5 Steps to Identify What Killed Your Livestock
I receive requests from animal owners looking for help in identifying what killed their animal. Whether the animal is a pet or a production animal the steps for identification are the same.
Step 1. What animals are in your area? Knowledge of the animals in your area is critical because there is no reason to suspect an animal that doesn’t live in your location. Think of it as your list of suspects. Don’t forget to include domestic species, like cats and dogs, too.
Step 2. Photograph the scene. Take clear, high resolution images of the scene. Take photos from different angles and distances. Ideally all photos should include a standard sized object such as a yardstick or ruler to show scale.
Step 3. Evaluate the scene. Was the animal killed during the day, night, inside a shed? Tick off as much detail as you can about the scene or setting surrounding the animal’s death.
Step 4. Investigate the carcass. This step requires wearing gloves to protect yourself from animal’s fluids. Carefully inspect the carcass, looking for puncture wounds and broken bones and other signs of injury. In most cases, an external survey will not provide many clues. Hair or feathers too often conceals signs needed to accurately identify the predator. Thus you will need to take a sharp knife to skin the animal. Skinning is necessary so you can have clear access to punctures, abrasions, contusions, and other signs. This step is critical. Failure to do it will result in inaccurate identification of the predators. Take careful pictures of punctures, particularly distances between canine or talons marks.
Step 5. Put it all together. List all the facts you have and use them to rule out potential suspects. Focus on ruling suspects out rather than looking to identify the guilty predator. This tactic helps prevent you from falling into tunnel vision. Check your data against a predator damage identification guide such as the Wildlife Damage Inspection Handbook, 3rd edition.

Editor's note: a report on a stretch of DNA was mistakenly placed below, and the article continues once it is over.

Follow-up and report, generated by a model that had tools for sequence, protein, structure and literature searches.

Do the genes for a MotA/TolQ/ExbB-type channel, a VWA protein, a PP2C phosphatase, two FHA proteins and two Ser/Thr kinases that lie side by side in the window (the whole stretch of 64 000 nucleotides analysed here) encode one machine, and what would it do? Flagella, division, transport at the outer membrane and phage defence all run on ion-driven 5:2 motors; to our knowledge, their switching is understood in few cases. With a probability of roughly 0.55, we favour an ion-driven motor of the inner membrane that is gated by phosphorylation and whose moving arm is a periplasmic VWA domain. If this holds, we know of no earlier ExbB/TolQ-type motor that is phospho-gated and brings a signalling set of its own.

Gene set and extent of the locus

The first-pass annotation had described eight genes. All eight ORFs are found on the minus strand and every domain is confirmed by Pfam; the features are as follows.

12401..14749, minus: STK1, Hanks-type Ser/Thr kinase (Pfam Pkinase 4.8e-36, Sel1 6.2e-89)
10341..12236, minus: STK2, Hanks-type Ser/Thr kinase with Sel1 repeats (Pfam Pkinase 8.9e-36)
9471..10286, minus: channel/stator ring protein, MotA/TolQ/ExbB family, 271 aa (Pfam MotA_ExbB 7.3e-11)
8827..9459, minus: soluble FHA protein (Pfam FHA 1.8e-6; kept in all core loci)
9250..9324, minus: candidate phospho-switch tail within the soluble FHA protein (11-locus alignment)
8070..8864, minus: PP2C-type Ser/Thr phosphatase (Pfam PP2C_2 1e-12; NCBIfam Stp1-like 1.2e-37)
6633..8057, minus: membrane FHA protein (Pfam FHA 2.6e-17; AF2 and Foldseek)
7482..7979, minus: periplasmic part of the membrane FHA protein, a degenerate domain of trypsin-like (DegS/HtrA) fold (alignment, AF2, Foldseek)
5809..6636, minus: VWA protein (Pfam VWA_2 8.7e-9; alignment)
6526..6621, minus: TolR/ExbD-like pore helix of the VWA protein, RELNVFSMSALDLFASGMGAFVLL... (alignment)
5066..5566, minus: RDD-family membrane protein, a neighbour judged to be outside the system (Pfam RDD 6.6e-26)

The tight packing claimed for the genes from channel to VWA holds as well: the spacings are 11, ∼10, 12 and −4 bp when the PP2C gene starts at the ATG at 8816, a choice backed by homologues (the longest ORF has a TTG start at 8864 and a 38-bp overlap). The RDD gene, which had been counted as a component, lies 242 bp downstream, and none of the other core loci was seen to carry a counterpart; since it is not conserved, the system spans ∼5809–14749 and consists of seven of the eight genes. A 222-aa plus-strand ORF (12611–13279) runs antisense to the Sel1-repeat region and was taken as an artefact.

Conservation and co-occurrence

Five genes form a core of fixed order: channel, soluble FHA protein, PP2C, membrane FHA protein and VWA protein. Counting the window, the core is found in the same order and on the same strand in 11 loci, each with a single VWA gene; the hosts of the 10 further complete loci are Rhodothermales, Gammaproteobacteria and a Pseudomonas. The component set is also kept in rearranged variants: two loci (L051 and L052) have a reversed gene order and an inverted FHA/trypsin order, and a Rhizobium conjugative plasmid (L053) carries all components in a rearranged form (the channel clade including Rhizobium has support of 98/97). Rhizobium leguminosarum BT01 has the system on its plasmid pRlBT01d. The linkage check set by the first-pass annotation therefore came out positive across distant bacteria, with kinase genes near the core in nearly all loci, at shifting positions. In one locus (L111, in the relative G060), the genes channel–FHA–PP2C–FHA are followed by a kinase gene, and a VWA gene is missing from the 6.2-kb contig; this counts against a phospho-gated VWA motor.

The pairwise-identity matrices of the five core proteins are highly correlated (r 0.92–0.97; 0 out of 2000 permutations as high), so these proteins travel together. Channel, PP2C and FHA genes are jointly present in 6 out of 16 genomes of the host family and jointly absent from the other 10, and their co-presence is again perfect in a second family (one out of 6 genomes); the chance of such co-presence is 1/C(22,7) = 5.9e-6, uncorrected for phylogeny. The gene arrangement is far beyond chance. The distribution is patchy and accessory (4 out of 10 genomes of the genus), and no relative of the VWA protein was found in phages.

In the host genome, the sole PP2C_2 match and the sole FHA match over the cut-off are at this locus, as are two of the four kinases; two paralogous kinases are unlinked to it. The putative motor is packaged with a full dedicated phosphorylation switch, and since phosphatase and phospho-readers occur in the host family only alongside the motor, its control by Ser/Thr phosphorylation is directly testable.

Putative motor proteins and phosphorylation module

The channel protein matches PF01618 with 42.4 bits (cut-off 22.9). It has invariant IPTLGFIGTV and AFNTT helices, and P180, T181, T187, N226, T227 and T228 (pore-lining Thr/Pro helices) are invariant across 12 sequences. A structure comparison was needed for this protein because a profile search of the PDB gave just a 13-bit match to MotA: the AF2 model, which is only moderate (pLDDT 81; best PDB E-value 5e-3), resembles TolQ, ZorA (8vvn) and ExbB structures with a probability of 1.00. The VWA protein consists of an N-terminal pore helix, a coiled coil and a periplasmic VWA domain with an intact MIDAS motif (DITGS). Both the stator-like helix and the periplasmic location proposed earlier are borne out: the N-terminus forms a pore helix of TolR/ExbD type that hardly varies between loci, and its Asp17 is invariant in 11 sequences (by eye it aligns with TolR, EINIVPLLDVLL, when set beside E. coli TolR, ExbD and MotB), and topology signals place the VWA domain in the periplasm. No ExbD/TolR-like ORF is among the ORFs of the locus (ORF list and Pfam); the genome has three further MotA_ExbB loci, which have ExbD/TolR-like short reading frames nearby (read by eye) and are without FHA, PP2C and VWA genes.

About the Author
Stephen M. Vantassel is a certified wildlife control operator who helps individuals, businesses, and agencies resolve wildlife damage issues through training, writing, expert witness, and research. His latest books are the Wildlife Damage Inspection Handbook, 3rd edition and The Practical Guide to the Control of Feral Cats. He can be contacted at wildlifecontrolconsultant at gmail dot com.
If you would like your publication, video, or product reviewed, please contact the author at the e-mail above.Stephen M. Vantassel, CWCP, ACE, is the owner of Wildlife Control Consultant, LLC. He helps people restore their balance with nature through publishing, training, consulting, and the internet. He has published numerous articles in trade and academic publications (http://kingsdivinity.academia.edu/StephenMVantassel) along with several books (https://wildlifecontrolconsultant.com/store-2/). Listen to his podcast at PestGeek Podcast (https://pestgeekpodcast.com/). He is a sought after speaker and trainer. If you would like to have Stephen speak at your event or use his consultation services, send an e-mail to firstname.lastname@example.org. Copyright All postings are the property of Stephen M. Vantassel and Wildlife Control Consultant, LLC. Text (not images) may be reprinted in non-profit publications provided that the author and website URL is included. If images wish to be used, explicit and written permission must be obtained from Wildlife Control Consultant, LLC.
All postings are the property of Stephen M. Vantassel and Wildlife Control Consultant, LLC. Text (not images) may be reprinted in non-profit publications provided that the author and website URL is included. If images wish to be used, explicit and written permission must be obtained from Wildlife Control Consultant, LLC.